The Bel-Air Association's Project Pothole program has identified and is working with Street Services to have the below pictured severe pothole filled.
The Official Bel-Air Association BLOG for our community featuring news, events, alerts and information that concern us all.
Tuesday, August 2, 2011
5:00 to 9:00 p.m.
Stoner Park Recreation Center
1833 Stoner Ave., Los Angeles, CA 90025
FREE BBQ &
For further information, call
West Los Angeles Community Police Station,
Community Relations Office: 310-444-0730
SNOW CONE MACHINE
The vehicles have been parked on the street in all instances.
The incidents have already or will be reported to ACS Security and LAPD.
In the event of any incident or vandalism, please contact LAPD immediately. If it is a life-threatening emergency, please call 911. If it is not life threatening, please call 1-877-ASK-LAPD.
Separately, please contact ACS Security at 310-475-9016.
The Bel-Air Association's contact info is as follows:
310-474-3527 / email@example.com
There's no way to plan for Carmageddon, the three-day shut down of one of the most vital stretches of freeway in Los Angeles, without having to field some unusual requests or address oddball contingencies.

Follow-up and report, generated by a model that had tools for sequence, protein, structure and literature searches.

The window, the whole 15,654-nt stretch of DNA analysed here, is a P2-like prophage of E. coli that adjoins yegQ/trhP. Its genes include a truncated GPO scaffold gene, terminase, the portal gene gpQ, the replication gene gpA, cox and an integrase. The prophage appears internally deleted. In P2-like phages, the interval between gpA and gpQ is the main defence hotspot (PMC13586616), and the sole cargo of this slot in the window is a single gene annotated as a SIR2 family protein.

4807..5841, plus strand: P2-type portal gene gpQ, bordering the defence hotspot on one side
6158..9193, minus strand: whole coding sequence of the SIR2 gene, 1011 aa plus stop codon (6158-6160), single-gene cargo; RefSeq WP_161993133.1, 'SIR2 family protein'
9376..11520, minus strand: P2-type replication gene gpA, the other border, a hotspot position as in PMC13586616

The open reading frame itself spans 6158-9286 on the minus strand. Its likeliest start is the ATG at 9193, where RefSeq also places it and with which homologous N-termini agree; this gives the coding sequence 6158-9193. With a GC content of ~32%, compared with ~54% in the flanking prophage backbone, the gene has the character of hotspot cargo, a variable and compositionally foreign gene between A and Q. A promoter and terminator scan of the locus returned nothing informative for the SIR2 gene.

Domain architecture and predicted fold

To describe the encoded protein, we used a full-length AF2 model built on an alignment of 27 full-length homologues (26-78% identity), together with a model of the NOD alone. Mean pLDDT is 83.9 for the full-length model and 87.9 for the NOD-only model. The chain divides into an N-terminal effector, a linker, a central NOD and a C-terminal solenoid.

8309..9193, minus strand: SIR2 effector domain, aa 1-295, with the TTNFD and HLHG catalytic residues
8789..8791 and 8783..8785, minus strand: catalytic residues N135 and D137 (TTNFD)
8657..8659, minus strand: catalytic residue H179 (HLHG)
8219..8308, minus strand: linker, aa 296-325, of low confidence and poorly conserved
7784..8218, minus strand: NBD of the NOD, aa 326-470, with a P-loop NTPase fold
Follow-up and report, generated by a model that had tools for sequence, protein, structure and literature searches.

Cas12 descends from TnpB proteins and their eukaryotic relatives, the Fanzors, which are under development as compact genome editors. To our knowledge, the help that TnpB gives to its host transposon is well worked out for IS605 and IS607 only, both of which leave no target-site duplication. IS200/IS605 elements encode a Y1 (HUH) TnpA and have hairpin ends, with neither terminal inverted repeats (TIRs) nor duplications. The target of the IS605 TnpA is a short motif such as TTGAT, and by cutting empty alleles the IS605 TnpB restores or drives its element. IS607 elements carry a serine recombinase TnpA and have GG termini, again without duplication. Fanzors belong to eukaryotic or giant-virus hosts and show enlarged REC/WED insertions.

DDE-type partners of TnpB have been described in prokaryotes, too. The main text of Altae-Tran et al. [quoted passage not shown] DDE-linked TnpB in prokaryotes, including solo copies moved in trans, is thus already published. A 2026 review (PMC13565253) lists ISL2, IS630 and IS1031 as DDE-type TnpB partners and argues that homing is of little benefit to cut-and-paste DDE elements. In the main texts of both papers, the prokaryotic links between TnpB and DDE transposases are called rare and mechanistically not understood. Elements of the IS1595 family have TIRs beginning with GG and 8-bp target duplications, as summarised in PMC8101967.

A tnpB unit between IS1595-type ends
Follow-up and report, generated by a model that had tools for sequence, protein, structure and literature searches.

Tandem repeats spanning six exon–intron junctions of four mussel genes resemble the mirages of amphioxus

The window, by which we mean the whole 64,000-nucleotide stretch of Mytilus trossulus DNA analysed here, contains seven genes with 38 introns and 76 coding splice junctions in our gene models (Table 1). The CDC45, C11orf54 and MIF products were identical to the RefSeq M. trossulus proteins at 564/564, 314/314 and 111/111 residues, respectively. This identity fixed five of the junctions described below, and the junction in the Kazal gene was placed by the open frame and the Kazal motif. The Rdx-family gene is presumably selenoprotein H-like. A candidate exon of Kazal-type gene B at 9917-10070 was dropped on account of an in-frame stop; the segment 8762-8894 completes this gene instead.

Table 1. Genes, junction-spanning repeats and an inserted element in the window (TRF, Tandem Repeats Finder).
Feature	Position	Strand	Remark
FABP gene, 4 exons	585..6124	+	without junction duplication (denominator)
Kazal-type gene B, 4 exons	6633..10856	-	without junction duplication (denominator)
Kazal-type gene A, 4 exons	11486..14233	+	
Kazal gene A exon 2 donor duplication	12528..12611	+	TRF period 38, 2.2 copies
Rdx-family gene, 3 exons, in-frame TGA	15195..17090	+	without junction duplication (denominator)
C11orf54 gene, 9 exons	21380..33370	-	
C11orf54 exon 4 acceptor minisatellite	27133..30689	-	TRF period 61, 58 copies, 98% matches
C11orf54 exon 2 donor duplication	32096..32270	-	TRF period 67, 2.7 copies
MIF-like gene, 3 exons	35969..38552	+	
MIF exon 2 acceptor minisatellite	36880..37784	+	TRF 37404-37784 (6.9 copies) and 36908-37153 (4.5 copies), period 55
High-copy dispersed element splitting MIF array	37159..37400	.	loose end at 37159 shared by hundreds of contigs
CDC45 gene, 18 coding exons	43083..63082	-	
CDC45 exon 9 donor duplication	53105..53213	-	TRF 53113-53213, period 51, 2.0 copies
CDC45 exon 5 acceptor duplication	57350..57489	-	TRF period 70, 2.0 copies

Take the Facebook group that has proposed holding a block party on a Santa Monica Boulevard ramp to the 405, complete with beer and guitars.
There's also the enterprising marketers who asked CalTrans for permission to spray paint a bridge abutment with graffiti reading "The Apes Will Rise" to promote the new "Planet of the Apes" movie.
A group of bicyclists sought permission to ride down the steep inclines of freeway in the Sepulveda Pass during the weekend closure. But those ideas ultimately were nixed because of safety concerns.
"In planning for this closure, we gathered the best emergency around," said Cmdr. Andy Smith. "We tried to think of everything but some of these requests are beyond even what we had anticipated."
This is Carmageddon weekend and the 405 freeway will be closed starting tonight July 15, 2011 at 10 pm and will reopen on Monday, July 18th at 5:00 am.
Our public officials are advising that you stay home and away from the affected area to avoid extreme traffic challenges. The Unified Command will have set up 13 satellite divisions throughout the region for the weekend. These will be fixed posts staffing personnel from police, fire and traffic ready to respond.
For real time traffic conditions, the public is encouraged to listen to KNX1070 AM radio, visit Go511.com. or contact the 405 Project Hotline at 213.922.3665.
Have a safe weekend!
Well, here we are with one day to go! Although we know you'd rather stay home, explore your neighborhood and just enjoy a nice leisurely bike ride, we want to make sure you have all the information you need in the event you MUST drive. Mayor Antonio Villaraigosa thanks you too for doing your part. Click here to listen to a brief message from him.